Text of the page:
One of the most important things to do after setting up a new Linux server (or after taking over an existing one) is to create a new user, possibly with sudo powers. Sudo is a special Linux command that allows users to perform administrator tasks even if they are not system admins.
The main reason for having a sudo user (or sudoer) is because logging in as root is usually not desirable, since it can cause troubles more often than not, but we may still want to be able to perform administrator tasks with a non-root user. Moreover, adding one or more users to the sudo group can avoid the need of spreading root credentials, because a sudo command will require the user’s own password, not the root’s one.
All the members of the sudo group and their restrictions and permissions are in the
/etc/sudoers configuration file. Explaining this file and in general the sudo usage is a quite extensive topic, so we will only cover the case where we want to create a new user and add it to the sudoers.
Creating a new user
If you already have a fully functioning non-root user and you just want to give it sudo privileges, you can skip to the next section.
First of all, we may want to create a new user, that we will later add to the sudoers. In order to do this, we can launch the following command in the terminal:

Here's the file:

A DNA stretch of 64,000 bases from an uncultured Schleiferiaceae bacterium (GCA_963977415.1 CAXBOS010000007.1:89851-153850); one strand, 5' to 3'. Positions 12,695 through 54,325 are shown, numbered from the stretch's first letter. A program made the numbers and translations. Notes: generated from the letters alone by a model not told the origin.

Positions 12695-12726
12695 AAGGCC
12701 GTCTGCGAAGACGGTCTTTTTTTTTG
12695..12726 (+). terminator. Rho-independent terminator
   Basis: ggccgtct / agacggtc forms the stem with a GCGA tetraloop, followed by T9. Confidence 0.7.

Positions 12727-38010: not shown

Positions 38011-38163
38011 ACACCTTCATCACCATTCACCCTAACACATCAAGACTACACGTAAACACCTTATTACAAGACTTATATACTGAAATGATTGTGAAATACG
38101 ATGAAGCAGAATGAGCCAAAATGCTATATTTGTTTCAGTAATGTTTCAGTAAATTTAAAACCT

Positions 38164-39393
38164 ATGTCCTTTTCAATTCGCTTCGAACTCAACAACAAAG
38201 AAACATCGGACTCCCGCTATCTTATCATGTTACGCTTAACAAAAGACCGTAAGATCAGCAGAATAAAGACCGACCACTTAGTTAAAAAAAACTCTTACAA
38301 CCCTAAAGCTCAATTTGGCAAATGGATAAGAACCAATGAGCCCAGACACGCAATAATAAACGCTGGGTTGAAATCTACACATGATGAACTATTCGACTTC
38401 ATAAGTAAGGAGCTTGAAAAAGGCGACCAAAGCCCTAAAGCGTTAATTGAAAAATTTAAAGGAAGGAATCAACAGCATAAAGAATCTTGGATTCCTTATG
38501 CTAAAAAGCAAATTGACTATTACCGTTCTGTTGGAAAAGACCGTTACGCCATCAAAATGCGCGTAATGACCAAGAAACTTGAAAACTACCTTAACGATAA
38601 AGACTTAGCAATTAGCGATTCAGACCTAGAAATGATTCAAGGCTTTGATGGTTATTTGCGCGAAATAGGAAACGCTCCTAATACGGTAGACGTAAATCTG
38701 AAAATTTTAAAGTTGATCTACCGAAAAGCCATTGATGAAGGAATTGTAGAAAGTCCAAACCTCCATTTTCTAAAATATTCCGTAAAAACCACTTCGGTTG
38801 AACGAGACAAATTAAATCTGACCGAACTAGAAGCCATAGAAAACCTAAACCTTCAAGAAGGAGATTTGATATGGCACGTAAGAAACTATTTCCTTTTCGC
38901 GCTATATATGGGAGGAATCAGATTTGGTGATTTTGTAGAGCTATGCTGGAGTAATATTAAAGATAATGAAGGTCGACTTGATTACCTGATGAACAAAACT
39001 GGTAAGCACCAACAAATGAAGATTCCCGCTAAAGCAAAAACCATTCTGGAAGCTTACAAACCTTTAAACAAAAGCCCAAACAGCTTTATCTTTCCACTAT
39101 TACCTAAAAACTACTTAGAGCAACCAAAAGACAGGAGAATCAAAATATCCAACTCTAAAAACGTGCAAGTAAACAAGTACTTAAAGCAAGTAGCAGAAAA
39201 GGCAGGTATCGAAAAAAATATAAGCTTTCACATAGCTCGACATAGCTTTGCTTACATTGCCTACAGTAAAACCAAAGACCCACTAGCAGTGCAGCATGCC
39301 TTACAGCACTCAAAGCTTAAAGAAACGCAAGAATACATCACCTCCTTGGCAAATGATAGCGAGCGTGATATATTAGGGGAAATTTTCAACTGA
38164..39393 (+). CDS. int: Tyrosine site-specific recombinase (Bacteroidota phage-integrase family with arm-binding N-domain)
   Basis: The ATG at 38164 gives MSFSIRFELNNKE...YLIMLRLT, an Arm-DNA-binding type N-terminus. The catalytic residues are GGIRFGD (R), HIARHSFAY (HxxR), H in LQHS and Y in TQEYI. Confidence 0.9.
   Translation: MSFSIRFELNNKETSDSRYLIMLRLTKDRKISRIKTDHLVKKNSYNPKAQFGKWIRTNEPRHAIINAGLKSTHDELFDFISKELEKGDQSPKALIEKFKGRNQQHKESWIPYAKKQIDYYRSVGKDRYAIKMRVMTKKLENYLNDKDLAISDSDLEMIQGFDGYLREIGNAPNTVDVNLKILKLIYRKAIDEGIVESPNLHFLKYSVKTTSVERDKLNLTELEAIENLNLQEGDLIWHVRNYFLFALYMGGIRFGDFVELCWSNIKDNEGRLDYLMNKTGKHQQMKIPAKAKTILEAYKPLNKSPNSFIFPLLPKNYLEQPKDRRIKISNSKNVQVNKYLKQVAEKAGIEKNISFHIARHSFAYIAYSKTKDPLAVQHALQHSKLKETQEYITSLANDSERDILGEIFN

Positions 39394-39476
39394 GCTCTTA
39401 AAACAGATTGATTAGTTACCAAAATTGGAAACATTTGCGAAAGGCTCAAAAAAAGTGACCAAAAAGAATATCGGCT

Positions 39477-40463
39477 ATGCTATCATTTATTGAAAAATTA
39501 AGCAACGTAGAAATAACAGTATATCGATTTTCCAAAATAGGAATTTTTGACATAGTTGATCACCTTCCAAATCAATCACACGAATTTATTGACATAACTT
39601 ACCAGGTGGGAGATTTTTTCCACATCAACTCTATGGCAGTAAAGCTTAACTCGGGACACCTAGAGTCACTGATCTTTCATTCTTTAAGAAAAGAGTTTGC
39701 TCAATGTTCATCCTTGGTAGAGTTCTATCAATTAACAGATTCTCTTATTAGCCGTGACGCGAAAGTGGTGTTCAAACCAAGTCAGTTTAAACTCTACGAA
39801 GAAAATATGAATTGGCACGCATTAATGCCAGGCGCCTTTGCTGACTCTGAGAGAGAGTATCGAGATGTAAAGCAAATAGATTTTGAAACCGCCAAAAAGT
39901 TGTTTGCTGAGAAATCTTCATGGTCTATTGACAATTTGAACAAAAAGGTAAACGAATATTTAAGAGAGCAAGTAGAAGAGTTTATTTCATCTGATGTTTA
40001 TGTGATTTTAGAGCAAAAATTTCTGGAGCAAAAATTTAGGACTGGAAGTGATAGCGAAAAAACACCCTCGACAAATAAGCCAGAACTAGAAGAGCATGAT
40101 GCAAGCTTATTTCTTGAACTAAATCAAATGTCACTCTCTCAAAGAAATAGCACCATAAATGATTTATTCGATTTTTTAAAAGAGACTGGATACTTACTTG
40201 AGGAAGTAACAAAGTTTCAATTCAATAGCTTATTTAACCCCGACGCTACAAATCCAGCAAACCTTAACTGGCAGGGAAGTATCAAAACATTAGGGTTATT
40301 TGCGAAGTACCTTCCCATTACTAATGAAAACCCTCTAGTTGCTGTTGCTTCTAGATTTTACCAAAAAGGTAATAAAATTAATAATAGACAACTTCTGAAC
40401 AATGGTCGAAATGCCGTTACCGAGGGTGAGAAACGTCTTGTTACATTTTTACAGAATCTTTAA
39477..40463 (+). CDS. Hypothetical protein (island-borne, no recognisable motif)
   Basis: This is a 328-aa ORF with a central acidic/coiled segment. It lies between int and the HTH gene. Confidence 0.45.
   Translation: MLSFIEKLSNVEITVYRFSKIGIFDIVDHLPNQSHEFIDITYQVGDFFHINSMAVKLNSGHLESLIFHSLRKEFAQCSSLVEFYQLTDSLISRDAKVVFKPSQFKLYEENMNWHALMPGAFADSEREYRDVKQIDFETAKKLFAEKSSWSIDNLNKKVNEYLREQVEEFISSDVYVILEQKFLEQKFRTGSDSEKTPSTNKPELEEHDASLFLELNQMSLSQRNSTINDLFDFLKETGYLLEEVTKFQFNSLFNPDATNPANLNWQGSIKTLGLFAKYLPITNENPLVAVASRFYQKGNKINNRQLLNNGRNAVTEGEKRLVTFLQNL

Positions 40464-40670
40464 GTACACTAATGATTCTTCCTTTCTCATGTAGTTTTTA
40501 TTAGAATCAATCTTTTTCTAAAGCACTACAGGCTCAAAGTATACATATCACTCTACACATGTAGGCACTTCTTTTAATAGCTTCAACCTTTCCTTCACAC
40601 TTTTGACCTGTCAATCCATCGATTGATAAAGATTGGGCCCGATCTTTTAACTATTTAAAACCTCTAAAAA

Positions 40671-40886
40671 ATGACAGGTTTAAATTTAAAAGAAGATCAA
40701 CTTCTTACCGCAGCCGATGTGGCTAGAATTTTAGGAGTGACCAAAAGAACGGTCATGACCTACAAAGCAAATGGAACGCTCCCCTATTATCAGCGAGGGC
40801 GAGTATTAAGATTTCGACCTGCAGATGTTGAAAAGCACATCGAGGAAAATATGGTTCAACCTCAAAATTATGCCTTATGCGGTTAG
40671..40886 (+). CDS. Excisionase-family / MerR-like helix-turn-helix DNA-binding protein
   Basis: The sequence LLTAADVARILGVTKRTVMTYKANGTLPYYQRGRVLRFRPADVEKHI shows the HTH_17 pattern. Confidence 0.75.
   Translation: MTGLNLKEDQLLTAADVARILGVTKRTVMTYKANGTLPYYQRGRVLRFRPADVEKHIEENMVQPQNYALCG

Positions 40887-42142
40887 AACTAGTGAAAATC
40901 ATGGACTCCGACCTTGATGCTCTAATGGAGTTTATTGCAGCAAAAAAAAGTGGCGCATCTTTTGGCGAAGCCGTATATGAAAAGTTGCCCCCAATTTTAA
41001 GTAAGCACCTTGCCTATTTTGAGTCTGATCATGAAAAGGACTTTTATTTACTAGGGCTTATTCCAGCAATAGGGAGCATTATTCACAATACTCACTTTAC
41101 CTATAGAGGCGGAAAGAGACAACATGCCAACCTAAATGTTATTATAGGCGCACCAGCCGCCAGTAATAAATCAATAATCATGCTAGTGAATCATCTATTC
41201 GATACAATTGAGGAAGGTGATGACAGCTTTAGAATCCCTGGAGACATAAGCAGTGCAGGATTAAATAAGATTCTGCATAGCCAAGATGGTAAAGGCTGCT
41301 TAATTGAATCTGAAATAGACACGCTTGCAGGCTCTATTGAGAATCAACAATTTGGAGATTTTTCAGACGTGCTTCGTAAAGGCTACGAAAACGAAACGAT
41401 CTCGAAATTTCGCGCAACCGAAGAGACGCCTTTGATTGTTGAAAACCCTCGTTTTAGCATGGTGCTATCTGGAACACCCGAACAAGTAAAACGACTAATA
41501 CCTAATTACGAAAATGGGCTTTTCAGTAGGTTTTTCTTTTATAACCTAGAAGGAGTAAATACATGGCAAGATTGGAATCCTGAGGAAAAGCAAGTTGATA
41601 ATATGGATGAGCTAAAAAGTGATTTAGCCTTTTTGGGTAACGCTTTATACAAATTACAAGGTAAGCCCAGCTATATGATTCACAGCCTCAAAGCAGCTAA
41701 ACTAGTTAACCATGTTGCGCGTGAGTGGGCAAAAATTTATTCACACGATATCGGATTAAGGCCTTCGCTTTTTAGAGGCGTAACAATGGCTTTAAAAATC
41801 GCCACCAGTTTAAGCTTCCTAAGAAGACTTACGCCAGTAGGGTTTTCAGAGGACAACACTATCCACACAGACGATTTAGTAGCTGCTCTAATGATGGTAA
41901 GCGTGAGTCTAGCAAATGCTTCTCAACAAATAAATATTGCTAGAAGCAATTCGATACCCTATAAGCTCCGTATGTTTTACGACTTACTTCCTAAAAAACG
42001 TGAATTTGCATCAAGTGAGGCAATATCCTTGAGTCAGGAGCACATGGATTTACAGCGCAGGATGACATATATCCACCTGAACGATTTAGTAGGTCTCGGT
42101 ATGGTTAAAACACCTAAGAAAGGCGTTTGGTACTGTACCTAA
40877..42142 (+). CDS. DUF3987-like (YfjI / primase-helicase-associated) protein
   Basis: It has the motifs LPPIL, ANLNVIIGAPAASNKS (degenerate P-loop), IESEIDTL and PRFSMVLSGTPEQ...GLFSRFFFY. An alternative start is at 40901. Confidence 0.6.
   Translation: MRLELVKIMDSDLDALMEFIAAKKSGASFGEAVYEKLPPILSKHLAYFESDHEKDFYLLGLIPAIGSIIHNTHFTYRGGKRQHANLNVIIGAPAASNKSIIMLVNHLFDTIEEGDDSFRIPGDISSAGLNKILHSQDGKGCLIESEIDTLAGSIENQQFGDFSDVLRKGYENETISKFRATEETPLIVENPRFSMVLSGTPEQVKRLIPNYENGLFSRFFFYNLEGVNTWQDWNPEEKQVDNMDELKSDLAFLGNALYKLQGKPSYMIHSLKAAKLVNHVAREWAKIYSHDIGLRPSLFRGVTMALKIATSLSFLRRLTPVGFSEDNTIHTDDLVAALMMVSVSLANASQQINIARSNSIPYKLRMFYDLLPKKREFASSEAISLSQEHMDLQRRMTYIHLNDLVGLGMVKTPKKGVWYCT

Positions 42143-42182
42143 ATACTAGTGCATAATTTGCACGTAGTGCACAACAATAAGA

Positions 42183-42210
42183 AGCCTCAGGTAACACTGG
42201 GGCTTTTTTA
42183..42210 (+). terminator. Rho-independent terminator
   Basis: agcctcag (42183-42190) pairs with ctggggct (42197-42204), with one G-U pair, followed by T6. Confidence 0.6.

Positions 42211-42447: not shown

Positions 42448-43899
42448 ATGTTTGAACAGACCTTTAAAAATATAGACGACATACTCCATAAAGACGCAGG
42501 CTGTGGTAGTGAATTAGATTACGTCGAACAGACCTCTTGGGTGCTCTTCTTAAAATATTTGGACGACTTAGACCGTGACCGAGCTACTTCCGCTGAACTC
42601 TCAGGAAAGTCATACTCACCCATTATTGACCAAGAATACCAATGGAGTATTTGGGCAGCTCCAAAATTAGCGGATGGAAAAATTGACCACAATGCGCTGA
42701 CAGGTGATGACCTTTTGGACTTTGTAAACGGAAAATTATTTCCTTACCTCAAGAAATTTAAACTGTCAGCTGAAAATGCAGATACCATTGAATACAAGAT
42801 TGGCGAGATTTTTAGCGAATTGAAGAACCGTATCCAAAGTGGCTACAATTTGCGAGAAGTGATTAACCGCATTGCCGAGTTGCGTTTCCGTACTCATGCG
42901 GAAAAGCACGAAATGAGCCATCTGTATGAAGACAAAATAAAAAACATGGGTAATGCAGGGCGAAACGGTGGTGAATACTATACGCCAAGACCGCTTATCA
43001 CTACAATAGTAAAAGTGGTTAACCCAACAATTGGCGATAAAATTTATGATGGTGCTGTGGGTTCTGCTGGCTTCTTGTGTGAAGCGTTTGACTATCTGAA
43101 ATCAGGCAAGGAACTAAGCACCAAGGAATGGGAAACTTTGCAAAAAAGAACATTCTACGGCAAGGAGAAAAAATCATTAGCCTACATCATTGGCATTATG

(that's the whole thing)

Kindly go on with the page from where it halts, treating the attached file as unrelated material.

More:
A new user called
<username> will be created, together with his own home folder, usually located in
/home/<username>/. This new user will of course require a password, that we will need to type twice; the password will not be visible for security reasons.
The command will also prompt us for some basic information about the new user, such as name, telephone number, etc. It is possible to leave this fields blank, though it is recommended to at least fill in the name field.
Adding a user to the sudo group
It is possible to add a user to the sudo group without having to mess around with the
/etc/sudoers file. This can be accomplished using the following command:
usermod -aG sudo <username>
This command will add the user
<username> to the sudo group, and that’s it.
From now on, the
<username> user will be able to access administrator privileges just by prepending
sudo to any command, and providing his own password.